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First-Year Exploration

Currently enrolled Harvard College students are encouraged to explore their potential interests in Bioengineering (or Biomedical Engineering) by meeting with with Linsey Moyer (Assisstant Director of Undergraduate Studies, Biomedical Engineering).

The sample schedules below are provided as an example of a typical first two-years for a preconcentrator interested in bioengineering.  These samples provide one specific example of a course progression, however, students may decide on an alternate path. We strongly recommend that students interested in engineering begin taking mathematics in their first semester and plan to complete their math, chemistry, and physics requirements within the first two years. Leading up to a declaration of one of the bioengineering options during the sophomore year, students will work with their concentration advisers to construct an individual degree program that matches their specific interests within bioengineering while simultaneously fulfilling all of the concentration requirements.

First-Year Fall

Foundational Math 

LS 1a/LPS A

 

First-Year Spring

Foundational Math

Physics

(LS 1b)

Sophomore Fall

ES 53

Foundational Math (if needed)

Physics

Sophomore Spring

Foundational Math (if needed)

Physics (if needed)

Engineering course

Once bioengineering students have established a foundation in the prerequisite math and scinece courses, they can take many exciting upper-level electives. While these courses are typically taken in the junior and senior years, some students with advanced preparation in math and science begin taking the 100-level courses during their sophomore year. Students will take courses in systems modeling (ES 53 and 110) to better understand and mathematically model non-linear, complex biological systems; thermodynamics (ES 181, ES 112 or MCB 199) to appreciate the basic driving forces underlying biological and chemical systems; the fundamental processes of heat and mass transport (ES 123) that often control the rates of system changes; and molecular to tissue level engineering of biological systems (ES 121, 125 or 221).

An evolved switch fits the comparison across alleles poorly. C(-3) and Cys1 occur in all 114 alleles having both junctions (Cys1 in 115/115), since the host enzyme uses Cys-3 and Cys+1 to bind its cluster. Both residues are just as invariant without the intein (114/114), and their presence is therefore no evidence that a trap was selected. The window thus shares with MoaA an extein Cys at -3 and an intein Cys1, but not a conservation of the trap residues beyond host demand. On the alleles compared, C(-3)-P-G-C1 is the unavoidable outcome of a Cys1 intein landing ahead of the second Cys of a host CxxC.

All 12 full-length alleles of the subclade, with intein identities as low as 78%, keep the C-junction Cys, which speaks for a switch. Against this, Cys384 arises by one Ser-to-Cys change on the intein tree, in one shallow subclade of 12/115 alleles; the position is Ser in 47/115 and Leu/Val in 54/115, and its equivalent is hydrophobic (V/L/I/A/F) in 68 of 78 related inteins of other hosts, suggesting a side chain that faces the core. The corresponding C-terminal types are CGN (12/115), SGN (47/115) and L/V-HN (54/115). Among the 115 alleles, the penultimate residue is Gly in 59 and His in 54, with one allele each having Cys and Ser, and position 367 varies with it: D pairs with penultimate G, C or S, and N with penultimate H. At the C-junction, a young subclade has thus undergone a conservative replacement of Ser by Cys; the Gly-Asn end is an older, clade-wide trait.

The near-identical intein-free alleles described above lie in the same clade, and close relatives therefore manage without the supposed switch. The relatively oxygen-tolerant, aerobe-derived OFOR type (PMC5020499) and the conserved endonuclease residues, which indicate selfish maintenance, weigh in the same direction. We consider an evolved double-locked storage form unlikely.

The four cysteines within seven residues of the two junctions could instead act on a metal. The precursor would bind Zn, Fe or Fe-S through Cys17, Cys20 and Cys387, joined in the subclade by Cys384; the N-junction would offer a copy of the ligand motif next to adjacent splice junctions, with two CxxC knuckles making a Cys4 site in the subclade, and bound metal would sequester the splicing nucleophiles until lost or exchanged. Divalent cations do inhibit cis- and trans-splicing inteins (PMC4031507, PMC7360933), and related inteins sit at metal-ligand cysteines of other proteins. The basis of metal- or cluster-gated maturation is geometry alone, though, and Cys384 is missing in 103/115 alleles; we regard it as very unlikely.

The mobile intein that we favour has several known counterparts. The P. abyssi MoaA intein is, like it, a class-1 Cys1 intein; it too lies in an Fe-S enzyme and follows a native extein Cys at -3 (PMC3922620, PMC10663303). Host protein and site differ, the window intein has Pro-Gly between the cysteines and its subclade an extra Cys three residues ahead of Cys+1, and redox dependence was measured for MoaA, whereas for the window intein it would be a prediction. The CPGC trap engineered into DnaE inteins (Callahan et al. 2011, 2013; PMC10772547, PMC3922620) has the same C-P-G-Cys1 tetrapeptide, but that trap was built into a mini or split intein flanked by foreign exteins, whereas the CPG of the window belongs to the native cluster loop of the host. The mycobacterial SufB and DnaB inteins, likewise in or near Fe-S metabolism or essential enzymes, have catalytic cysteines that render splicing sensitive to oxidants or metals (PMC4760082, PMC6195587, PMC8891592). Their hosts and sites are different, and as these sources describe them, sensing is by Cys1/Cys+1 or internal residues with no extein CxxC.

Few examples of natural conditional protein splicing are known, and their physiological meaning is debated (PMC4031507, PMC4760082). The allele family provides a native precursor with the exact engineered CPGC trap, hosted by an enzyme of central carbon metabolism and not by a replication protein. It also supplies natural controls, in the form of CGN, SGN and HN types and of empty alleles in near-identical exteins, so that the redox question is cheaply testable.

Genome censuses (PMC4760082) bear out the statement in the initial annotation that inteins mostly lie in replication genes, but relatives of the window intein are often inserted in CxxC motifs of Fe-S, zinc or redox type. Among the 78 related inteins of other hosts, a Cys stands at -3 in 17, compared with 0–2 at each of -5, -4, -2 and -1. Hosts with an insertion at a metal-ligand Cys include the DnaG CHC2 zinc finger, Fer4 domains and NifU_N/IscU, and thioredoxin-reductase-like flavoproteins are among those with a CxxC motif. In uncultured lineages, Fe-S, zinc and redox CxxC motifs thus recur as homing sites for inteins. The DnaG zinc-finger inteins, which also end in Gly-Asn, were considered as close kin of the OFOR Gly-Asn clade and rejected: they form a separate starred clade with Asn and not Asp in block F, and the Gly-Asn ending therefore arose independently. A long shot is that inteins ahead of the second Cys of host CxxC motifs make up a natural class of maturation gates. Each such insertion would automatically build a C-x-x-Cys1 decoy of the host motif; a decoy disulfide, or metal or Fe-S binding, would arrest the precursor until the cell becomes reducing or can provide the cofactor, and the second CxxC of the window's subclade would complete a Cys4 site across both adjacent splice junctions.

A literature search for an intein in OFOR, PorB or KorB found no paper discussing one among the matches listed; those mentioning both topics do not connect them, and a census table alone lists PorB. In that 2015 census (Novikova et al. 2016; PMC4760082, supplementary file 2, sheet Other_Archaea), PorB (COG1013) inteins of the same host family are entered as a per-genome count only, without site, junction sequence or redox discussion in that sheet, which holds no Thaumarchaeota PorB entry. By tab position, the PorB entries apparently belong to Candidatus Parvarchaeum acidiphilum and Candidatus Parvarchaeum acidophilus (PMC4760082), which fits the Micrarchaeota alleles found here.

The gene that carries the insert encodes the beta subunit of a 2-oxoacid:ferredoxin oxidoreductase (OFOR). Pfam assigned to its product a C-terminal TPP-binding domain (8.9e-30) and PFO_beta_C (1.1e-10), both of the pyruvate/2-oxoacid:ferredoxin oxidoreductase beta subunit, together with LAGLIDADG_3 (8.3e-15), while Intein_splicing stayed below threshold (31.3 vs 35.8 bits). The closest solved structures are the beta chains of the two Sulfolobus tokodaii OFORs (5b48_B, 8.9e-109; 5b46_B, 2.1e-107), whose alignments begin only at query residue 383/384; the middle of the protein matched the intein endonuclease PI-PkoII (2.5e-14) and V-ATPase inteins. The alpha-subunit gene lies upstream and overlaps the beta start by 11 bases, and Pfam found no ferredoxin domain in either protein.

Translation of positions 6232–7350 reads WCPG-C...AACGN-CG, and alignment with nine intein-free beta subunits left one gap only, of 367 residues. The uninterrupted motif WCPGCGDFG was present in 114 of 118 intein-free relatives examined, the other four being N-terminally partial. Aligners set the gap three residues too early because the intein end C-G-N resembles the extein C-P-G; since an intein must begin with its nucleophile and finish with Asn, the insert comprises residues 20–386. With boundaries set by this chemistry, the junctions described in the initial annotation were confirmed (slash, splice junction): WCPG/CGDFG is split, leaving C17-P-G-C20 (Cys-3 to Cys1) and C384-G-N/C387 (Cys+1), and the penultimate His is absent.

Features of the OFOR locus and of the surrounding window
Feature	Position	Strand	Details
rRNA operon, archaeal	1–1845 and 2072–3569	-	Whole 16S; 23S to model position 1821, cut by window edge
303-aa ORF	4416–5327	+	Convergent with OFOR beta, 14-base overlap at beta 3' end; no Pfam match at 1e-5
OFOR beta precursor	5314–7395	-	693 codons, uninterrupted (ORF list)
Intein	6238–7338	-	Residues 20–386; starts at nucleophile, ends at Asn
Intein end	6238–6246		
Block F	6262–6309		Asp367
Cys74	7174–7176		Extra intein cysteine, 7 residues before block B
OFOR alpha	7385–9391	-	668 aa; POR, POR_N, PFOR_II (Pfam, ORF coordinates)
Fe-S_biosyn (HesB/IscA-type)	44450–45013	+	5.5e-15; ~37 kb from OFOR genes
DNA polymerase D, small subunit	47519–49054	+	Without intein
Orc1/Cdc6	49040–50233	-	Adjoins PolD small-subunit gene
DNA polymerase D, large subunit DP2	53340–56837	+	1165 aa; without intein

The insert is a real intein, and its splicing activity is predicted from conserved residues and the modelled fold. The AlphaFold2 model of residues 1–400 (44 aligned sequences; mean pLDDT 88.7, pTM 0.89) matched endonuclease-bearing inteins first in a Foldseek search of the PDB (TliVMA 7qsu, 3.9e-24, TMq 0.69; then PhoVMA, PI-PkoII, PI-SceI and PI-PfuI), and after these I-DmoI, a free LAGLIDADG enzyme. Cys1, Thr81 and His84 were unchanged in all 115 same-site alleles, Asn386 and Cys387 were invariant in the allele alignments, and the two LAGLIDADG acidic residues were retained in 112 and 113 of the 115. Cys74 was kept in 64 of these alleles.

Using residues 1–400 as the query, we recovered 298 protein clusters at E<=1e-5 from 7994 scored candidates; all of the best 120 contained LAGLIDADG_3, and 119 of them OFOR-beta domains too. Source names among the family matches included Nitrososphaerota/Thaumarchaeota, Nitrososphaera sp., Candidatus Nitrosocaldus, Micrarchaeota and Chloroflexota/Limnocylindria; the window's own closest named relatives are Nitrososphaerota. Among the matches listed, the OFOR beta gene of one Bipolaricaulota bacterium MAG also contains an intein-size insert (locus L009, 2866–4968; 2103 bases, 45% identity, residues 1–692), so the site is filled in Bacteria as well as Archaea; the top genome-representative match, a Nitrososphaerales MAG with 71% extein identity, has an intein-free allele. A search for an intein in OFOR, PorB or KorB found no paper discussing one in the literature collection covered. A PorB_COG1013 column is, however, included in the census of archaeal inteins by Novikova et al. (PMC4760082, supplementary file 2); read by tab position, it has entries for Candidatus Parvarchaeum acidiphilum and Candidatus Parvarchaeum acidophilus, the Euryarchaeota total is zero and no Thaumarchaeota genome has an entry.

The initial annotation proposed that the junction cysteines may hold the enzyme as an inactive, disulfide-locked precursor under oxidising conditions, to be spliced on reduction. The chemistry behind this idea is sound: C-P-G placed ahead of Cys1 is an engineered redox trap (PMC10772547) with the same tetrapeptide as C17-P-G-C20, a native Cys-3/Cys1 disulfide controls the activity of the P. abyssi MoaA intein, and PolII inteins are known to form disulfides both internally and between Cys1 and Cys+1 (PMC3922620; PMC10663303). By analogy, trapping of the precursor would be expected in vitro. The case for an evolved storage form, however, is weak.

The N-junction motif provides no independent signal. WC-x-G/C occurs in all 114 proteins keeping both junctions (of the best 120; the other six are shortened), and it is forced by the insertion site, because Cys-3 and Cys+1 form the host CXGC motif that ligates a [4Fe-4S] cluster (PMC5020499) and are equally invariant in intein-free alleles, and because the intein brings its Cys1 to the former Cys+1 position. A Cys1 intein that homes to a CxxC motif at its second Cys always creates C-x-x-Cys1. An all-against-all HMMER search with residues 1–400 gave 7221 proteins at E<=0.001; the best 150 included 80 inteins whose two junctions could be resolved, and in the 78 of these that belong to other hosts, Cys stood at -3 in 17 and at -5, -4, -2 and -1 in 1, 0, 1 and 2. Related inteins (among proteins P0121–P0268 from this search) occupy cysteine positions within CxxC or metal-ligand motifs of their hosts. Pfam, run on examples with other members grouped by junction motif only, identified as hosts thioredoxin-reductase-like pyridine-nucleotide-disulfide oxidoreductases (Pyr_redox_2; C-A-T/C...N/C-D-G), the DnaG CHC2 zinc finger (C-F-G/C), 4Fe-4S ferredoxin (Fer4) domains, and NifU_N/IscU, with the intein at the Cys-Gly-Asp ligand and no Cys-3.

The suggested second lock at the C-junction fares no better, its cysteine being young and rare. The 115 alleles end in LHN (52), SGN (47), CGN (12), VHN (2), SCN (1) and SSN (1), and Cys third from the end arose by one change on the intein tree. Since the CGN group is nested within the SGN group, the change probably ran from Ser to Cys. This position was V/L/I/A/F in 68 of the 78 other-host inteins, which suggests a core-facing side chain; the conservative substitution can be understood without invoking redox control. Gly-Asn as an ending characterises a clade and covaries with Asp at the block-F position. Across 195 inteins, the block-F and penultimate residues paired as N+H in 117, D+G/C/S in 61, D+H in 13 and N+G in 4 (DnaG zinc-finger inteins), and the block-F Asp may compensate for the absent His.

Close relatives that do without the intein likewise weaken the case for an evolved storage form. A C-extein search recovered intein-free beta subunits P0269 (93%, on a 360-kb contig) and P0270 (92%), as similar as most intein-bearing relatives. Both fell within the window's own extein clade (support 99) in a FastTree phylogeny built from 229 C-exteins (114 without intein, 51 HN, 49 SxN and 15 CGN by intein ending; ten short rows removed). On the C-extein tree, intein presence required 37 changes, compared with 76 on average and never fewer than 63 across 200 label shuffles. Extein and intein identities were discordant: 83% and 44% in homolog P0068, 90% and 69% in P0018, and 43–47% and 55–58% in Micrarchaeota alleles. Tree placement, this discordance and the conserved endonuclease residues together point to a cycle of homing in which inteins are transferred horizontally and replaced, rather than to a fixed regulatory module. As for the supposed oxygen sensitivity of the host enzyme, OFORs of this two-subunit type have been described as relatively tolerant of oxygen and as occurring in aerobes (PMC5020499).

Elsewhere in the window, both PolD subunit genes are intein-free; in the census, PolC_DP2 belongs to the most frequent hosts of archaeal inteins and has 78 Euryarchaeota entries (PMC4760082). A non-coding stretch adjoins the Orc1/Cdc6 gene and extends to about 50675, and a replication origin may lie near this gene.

Tips for Bio/BME students:

  • Most Bio/BME students take ES 53 in sophomore fall, though some take the course in fall of first year
  • While not strictly required for the SB program, many premed SB students take LS 1b (beyond concentration requirements)

Frequently asked questions

Where do I start?
  • Start taking math (according to placement) and science in your first year
  • Talk to a concentration advisor (ADUS) in any of our fields to chat about your options

  • Take one of our introductory courses 

  • Join a SEAS club (HCES, EWB, HURC, etc...)

What math should I start in?

Students should start math freshman fall according to their placement (i.e., start at Math Ma, 1a, 1b, or Math/AM 21a) and continue each semester until completion of the 21a/b series, which is required of all students. SB students starting in Math 1b and beyond will need to take additional advanced math courses beyond foundational math.

What’s the difference between Bachelor of Arts (A.B.) and Bachelor of Science (S.B.)?
  • SB: 20 courses, engineering design courses, including individual capstone design project in ES100 (this is a required thesis), ABET-accredited (for professional licensure)
  • AB: 14-16 courses, more flexible requirements, can do research thesis, can do joint concentration
How can I get involved in research?
  • Term-time: SEAS labs welcome undergraduates to work on research projects during the term

    • Can do research for credit with an ES 91r

  • During summer: Students regularly join SEAS labs with funding through PRISE, HCRP, HUCE

    • Many students participate in research at other universities through NSF REU programs

What kinds of internships can I do?
  • Research internships are available through SEAS and national labs. See above.

  • Industry internships are available and can be found by attending SEAS career fairs or talking to the SEAS Experiential Learning Director, Keith Karasek (kkarasek@seas.harvard.edu)